JWT's decision to end its subscription to the AAR (Campaign, 9 September) has thrown the spotlight on to the funding models of the various agency/client match-makers and the way that they are funded.
Some within the industry believe that JWT has exposed a fundamental flaw in the AAR's funding model - the organisation charges each agency up to £14,000 a year to use its services, while clients pay a mere £500 in comparison.
They argue that cheap access to agencies not only presents agencies as cheap, but also attracts time-wasting clients.
The other side of the argument is that JWT is potentially cutting itself off from domestic new-business opportunities. JWT is the second-largest ad agency in the UK, and is winning business from global clients such as Vodafone and Samsung, but can it really afford to exclude itself from pitches for the likes of Argos, BSkyB, Pizza Hut and KFC?
Regardless of the speculation, JWT's move comes at a time when competition in the agency intermediary market is intense.
The AAR's biggest rival in recent times has been The Haystack Group, which has handled a number of high-profile contests over the past couple of years, including Sainsbury's and Direct Line.
Haystack is free for agencies to use, unless they opt to pay a charge to appear on its website. It has been praised in the past for collaborating with agencies after a pitch has concluded, to help them to improve their performance and succeed in subsequent pitches.
Agency Insight and Agency Assessments International have another funding model - both are wholly funded by clients and are free to agencies. Agency Insight works on long-term partnerships with clients, providing advice on existing agency relationships as well as handling pitches, while AAI's clients have more of an international or European focus.
One school of thought is that the wholly client-funded intermediaries can be more impartial, because it is clear that they are working for the client rather than the agency.
That said, after 30 years in business, the AAR is still proving a popular matchmaker for many clients. According to one agency marketing director, the AAR's secret weapon is its intimate knowledge of agencies and the time its founder, Martin Jones, spends with clients discussing, in detail, the merits and suitability of each longlisted agency.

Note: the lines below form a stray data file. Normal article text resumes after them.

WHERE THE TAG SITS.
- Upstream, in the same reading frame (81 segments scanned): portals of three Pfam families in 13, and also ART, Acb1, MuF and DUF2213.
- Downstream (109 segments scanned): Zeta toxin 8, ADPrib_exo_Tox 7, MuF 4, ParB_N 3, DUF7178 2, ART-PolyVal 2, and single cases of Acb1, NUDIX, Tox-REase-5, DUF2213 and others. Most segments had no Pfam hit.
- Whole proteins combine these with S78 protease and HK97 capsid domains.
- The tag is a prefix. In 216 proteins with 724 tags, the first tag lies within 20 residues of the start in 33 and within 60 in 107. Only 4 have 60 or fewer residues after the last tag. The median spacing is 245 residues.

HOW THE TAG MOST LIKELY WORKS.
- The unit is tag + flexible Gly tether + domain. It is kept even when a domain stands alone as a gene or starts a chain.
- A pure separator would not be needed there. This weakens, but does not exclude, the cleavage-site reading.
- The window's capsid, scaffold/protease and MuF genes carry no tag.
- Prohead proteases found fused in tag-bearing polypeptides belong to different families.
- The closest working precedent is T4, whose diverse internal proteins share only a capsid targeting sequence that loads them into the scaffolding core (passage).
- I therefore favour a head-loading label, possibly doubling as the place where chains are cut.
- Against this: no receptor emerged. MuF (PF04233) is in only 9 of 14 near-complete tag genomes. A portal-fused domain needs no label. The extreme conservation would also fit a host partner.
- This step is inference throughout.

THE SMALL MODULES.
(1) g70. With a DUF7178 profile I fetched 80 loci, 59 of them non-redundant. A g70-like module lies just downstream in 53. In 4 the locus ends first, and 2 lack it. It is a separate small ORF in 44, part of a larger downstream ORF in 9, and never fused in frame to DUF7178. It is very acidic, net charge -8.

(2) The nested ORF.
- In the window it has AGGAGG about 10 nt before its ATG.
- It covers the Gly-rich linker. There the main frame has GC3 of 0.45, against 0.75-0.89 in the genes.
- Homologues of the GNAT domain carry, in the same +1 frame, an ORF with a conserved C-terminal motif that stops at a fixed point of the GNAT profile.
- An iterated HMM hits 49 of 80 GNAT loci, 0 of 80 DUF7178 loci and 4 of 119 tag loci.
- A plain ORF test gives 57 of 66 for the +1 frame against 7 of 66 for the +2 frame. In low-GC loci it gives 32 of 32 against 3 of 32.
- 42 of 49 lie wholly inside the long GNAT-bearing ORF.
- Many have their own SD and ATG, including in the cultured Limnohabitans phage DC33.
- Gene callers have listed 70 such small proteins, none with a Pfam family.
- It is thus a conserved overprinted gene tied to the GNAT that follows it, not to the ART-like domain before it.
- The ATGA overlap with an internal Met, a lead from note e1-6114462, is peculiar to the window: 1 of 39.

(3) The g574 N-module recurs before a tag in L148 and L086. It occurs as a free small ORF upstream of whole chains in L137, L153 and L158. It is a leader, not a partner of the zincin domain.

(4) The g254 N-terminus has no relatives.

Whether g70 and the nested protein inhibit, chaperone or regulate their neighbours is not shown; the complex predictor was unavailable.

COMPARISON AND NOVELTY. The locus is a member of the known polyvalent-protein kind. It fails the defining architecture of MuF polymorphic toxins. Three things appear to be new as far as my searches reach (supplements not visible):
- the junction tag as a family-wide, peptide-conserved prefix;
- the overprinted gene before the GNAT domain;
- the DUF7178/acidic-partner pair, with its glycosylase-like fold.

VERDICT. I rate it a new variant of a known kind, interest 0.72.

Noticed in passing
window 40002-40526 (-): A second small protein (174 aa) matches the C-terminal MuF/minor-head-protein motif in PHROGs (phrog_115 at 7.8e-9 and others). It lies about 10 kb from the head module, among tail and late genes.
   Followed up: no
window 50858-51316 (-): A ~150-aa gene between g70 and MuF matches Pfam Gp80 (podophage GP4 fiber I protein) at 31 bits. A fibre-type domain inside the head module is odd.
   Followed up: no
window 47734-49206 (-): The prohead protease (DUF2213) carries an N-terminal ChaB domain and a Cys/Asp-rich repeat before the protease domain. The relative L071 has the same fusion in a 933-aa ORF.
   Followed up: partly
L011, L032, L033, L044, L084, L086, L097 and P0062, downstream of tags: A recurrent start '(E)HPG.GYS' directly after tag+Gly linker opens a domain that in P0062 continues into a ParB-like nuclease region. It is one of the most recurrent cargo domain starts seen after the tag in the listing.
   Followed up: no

This knowledge is something few in the industry have. And, on the subject of ongoing support and feedback to clients, many say that while this was lacking in the past, this has since been addressed. The AAR's higher profile this year has been testament to this.
Its other advantage is its specialist knowledge of a broad range of disciplines, with dedicated teams working on direct marketing, digital, media and customer publishing - increasingly important areas for clients.
So, is there really an ideal model for a matchmaker? Probably not - their different structures reflect the varying needs and budgets of clients.
But with expertise in different disciplines becoming a greater priority for clients, it is this along with impartiality rather than remuneration practice that is likely to dominate the selection process for some time to come.
AGENCY MD - Sarah Gold, managing director, Clemmow Hornby Inge
"The market place has obviously got a lot more competitive which is not only good for clients but good for agencies too because it means the intermediaries have had to sharpen up their offering.
"Any market benefits from different approaches, in this case client and agency funded models. If you want to be a big domestic player you have to be getting on the best domestic pitches. So if you want to be on the list for multi million pound clients like Argos or Sainsbury's you just can't afford to exclude yourself from either model because clients aren't."
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CLIENT - Neil Simpson, global marketing communications director, Vodafone
"It's great that clients have access to a variety of options in the paid-for-by-clients and paid-for-by-agency models, but whichever model you choose you've got to believe you're getting true impartiality.
"With either model, they have to consider what the appropriate list for my brand or business is and then make that selection. But they also have to get under the skin of the brand during that process.
"We've moved beyond just getting the right names on the list. We also need to understand the people we're faced with: their culture, the working relationship. The real test is six months in, not the glory moment of 'you've got the business, guys'."
NEW-BUSINESS CHIEF - Peter Cowie, business development director, JWT
"There is, and always will be, a definite role for pitch consultants, but they must offer return on investment for both clients and agencies.
"The most helpful operations understand the clients' business and have an insight into how to create the most appropriate relationship. They ensure a thorough brief, allow sufficient time for the pitch process, ensure a level playing field and provide quality feedback.
"The benefit is that you end up with the basis for a sound relationship that has more chance of working in the long term."
CLIENT - Kate Harrison, director of unsecured lending, Sainsbury's Bank
"Intermediaries should be paid for by the clients, then they can be independent of agencies.
"With consultants that work on a pitch-by-pitch basis, there needs to be the right conditions and chemistry. First, the client needs to write a clear brief. Second, the intermediary needs good insight and judgment to meet the needs of that brief. Finally, the relationship between clients, the intermediary and the agencies needs to be based on trust. This means once the pitch process has been agreed by all, the goalposts shouldn't be moved.
"If there's a shift of agency roster required or a need for agency management expertise, I think an intermediary can fill this space for a client."